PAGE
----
Clarity Emerges at Ground Zero, and Larry Silverstein Clearly Is Not a Key Ingredient

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Just hold your hand over the right side of the photo. Photo: Courtesy of Silverstein Properties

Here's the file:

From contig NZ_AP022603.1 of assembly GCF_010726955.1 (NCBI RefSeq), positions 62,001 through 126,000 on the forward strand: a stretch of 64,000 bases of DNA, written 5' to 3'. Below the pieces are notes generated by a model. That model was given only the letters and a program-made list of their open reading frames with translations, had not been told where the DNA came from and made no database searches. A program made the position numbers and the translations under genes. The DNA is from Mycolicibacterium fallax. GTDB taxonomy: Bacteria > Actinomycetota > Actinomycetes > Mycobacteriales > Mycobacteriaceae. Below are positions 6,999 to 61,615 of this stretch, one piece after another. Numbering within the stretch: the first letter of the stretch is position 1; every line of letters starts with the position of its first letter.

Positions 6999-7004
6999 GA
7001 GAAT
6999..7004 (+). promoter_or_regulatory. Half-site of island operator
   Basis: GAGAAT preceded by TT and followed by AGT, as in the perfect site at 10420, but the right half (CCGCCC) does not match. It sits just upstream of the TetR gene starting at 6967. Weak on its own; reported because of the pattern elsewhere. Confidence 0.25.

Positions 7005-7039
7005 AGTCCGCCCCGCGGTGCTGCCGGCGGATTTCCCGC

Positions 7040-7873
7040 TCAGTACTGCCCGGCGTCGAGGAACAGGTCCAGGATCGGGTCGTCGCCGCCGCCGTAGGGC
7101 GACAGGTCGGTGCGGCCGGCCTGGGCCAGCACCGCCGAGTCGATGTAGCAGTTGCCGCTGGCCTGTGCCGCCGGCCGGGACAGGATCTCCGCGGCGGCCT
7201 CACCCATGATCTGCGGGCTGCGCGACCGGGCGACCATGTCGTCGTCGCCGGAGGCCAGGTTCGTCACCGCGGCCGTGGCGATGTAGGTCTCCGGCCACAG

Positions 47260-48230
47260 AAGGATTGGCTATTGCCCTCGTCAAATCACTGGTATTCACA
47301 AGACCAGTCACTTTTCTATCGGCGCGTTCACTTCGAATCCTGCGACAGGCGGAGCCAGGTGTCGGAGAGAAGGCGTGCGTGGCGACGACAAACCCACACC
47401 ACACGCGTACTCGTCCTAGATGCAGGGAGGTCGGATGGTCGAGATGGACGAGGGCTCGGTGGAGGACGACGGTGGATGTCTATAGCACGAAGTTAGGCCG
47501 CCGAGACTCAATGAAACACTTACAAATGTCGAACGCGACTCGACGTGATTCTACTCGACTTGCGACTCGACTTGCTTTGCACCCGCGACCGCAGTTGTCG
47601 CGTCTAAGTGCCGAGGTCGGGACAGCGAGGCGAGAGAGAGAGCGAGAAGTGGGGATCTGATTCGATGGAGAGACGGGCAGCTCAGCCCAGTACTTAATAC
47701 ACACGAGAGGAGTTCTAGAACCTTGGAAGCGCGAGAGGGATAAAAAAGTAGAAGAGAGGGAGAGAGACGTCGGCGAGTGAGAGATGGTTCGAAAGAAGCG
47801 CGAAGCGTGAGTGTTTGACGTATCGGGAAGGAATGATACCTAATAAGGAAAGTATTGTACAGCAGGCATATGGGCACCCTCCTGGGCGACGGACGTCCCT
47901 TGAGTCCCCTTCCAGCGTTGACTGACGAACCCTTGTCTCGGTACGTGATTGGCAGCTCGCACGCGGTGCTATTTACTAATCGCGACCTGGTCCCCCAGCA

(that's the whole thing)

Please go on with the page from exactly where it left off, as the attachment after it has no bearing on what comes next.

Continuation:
Today's Port Authority report on ground zero's future makes clear that Larry Silverstein's office towers are in jeopardy and that nobody in government is too worried about salvaging them. A new schedule commits merely to a memorial-in-progress, a restored Greenwich Street, and increments of a PATH station by 2011, and Mayor Bloomberg said in a press conference that he doesn't know whether Silverstein will build at all. "This is a great place to have your office," the mayor offered gamely, "and if you build now you'll probably have it when demand comes back." But privately, a mayoral aide confided that the city is focusing on a memorial opening (at least for a day) by September 11, 2011, and on the Greenwich Street and PATH terminal goals. "You'll have a memorial, you'll have streets, you'll have transit," the aide said, citing ingredients to attract tourists and condo-buyers. As for offices, who knows? The Port Authority–owned Freedom Tower is under construction with tenant commitments, and the city has promised to lease space in the smallest of Silverstein's proposed towers if no private (and more lucrative) tenant emerges. But even that two-tower scenario assumes Silverstein can get financing, which even the audacious developer refuses to assume.